The structure-activity relationship guiding the structural modification should be explicit rather than broad. This particular structure-activity relationship embodies specific mode of interaction between the compound and the specific target.

The process of modern drug discovery usually starts from the discovery and identification of a target. Based on the interaction of compound structure and target, lead compounds are singled out and optimised, through which process candidate compounds are generated.

The structure-activity relationship in this case is embodied in the interaction between the compound and FXa. In this sense, anticoagulant compounds with different targets of action do not provide structural guidance for FXa inhibitors. Furthermore, structure that binds with one site of FXa does not provide guidance for structure that binds with another site. As the invalidity decision put it, “as for the radicals in Exhibits 6, 8 and 9, based on the studies on S1 and S4 pockets in Exhibits 4, those cited in Exhibits 6, 8 and 9 do not bind with S1 pocket, not to mention technical motivation for using the aforesaid radicals to make the modification.”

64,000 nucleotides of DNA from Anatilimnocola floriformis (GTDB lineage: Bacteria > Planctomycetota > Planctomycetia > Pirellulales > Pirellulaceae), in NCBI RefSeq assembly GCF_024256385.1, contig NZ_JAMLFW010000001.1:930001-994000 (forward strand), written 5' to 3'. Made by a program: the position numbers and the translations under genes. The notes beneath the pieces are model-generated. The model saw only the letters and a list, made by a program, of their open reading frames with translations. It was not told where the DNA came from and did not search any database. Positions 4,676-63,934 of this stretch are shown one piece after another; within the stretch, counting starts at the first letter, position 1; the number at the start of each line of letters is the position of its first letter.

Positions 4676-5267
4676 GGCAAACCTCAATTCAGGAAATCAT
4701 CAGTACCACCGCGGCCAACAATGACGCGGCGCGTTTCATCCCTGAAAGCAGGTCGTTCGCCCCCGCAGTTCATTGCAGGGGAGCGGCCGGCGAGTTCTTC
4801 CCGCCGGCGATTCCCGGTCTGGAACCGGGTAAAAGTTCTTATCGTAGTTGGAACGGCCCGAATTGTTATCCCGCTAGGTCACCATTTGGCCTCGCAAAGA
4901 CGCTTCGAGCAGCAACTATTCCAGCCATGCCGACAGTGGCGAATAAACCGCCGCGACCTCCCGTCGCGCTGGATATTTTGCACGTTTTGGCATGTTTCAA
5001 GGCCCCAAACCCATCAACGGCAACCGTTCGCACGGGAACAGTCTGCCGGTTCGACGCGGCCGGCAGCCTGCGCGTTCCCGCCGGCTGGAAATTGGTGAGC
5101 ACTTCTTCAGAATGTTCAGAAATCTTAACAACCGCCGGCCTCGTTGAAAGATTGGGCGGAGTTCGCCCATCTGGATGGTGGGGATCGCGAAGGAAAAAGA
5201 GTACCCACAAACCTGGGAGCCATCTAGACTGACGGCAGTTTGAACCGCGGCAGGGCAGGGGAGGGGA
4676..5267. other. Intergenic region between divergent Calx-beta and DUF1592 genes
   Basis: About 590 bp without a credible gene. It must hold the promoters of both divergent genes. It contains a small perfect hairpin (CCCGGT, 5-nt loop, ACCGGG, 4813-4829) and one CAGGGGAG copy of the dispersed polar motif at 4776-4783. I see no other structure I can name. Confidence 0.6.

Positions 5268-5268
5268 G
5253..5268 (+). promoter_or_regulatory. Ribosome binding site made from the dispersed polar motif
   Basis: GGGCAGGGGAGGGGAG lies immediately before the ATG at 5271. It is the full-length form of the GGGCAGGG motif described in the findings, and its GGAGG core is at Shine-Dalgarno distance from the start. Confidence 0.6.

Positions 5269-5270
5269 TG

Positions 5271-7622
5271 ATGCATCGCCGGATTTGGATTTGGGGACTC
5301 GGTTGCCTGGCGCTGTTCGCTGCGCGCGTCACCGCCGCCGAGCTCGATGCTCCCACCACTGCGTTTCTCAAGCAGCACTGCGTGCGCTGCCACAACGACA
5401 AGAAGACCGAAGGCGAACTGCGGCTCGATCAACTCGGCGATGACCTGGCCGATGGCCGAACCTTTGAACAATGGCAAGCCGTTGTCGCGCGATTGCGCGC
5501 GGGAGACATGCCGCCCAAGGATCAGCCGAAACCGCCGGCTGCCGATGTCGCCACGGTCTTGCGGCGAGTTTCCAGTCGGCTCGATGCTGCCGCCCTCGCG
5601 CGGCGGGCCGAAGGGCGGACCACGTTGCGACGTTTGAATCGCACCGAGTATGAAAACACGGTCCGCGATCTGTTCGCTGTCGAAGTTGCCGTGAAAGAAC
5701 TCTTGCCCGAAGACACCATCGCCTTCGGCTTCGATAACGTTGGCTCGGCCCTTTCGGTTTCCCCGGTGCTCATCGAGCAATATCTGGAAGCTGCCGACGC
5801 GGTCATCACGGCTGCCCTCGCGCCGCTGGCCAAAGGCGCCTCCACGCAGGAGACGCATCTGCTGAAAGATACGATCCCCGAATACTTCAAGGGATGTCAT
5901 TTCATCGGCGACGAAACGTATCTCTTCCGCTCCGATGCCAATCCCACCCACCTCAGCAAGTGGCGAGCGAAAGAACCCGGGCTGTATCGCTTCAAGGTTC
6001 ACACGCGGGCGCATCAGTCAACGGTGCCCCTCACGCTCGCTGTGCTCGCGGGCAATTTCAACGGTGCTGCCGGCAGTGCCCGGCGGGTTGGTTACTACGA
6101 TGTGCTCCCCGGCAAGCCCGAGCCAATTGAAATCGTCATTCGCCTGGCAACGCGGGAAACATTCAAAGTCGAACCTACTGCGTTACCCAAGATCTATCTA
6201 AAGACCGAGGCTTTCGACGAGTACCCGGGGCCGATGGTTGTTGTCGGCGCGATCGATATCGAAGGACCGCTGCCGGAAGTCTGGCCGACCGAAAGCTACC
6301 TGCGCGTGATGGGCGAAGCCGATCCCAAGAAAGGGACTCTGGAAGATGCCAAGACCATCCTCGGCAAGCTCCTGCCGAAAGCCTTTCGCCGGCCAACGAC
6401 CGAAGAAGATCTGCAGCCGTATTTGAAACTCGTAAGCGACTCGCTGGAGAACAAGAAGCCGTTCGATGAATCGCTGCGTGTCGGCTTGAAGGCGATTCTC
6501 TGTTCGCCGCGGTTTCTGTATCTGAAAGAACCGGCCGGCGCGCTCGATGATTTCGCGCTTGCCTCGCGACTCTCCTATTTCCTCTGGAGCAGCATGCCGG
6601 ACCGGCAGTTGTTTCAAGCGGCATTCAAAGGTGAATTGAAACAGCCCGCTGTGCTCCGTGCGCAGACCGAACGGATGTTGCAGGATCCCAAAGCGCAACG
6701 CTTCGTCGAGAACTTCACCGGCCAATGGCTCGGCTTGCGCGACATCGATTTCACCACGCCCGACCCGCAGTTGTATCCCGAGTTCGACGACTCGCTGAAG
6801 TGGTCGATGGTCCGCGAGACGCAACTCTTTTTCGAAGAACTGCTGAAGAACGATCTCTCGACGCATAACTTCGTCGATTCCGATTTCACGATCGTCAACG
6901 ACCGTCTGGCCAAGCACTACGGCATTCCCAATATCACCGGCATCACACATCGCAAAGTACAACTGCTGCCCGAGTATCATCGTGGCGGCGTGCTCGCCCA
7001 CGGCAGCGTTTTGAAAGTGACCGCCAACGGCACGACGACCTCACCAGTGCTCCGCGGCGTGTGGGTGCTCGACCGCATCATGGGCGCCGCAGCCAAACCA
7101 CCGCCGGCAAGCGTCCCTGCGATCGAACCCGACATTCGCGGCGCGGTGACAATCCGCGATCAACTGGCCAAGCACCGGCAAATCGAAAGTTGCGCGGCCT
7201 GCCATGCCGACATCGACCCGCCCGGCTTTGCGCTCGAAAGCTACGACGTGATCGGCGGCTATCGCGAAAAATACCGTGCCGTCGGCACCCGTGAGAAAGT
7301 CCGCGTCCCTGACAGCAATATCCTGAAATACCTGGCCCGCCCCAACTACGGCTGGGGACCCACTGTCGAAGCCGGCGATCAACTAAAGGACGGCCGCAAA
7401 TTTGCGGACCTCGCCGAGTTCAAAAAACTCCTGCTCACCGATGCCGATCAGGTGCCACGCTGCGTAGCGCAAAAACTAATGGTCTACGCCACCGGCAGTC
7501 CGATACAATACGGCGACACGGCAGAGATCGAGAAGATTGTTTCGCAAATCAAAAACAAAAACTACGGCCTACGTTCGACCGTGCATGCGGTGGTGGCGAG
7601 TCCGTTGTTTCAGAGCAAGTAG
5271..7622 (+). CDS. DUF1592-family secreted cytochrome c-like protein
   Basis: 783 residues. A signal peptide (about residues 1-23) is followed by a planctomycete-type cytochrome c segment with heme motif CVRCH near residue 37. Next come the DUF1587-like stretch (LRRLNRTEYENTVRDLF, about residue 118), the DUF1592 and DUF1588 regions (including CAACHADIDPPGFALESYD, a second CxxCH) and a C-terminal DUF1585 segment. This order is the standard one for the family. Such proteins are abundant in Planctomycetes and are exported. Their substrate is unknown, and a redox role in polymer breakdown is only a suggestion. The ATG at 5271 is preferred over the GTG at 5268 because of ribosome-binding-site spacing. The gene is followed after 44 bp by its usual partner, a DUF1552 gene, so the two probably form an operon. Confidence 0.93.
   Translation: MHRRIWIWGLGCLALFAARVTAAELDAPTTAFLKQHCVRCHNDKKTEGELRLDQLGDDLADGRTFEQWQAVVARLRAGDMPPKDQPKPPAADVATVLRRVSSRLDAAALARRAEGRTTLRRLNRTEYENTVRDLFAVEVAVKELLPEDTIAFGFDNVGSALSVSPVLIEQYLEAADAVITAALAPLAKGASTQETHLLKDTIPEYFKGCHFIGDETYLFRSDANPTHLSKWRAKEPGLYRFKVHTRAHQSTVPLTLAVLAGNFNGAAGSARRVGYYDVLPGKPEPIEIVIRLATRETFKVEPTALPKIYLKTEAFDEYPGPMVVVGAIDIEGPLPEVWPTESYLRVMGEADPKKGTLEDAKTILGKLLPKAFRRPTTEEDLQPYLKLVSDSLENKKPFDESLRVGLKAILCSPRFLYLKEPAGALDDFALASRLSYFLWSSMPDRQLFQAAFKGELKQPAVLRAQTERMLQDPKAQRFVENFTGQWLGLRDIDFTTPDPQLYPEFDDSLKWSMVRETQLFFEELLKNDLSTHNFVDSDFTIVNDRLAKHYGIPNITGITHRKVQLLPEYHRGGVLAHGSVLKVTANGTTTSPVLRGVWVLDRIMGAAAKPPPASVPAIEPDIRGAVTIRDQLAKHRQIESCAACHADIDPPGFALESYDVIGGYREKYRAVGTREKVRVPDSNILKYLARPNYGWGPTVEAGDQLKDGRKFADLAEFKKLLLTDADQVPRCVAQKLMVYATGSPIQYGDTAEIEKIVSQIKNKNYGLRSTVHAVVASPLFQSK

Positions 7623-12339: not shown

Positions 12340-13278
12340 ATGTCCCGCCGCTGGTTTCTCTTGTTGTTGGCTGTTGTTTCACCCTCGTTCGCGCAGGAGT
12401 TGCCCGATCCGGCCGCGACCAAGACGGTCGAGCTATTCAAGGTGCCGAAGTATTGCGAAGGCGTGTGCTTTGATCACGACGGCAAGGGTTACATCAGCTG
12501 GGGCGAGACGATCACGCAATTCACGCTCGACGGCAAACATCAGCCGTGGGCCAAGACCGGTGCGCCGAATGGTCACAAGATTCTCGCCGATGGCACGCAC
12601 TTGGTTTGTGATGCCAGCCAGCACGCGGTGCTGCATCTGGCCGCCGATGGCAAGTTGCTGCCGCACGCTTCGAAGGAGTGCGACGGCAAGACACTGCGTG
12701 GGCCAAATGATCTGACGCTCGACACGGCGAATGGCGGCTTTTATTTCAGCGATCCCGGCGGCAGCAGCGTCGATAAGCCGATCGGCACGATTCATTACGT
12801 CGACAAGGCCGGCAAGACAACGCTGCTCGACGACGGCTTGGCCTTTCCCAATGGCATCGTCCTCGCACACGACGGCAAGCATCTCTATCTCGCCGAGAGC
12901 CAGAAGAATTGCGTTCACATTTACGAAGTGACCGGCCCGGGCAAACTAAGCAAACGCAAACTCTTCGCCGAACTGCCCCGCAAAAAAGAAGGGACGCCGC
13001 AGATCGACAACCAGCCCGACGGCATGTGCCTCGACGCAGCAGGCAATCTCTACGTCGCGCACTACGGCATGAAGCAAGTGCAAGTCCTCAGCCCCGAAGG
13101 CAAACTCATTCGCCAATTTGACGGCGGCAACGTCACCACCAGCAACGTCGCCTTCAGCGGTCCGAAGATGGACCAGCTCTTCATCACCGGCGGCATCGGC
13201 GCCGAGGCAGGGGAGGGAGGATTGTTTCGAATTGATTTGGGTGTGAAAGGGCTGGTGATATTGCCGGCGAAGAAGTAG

SAR roots in prior art

The exploration of the structure-activity relationship should take root in the prior art, especially the holistic teaching of the closest prior art documents. The modification of the closest compound by those skilled in the art is first influenced by the closest prior art documents. In this case, the closest prior art document, i.e. Exhibit 3, is an important basis for the structure-activity relationship.

Exhibit 3 neither directly addressed structure-activity relationship nor gave any activity data of the compounds. However, the title of the invention, the general formula of the definition, the structures of the specific compounds prepared and other overall contents still convey the information in terms of the direction of structural modification to those skilled in the art, that is, the benzamidine structure is a necessary structure for the realisation of FXa inhibitory activity. This information is corroborated by the teachings of the petitioner's other evidence, thus the understanding of structure-activity relationship of the compounds cited in Exhibit 3 by those skilled in the art can be established.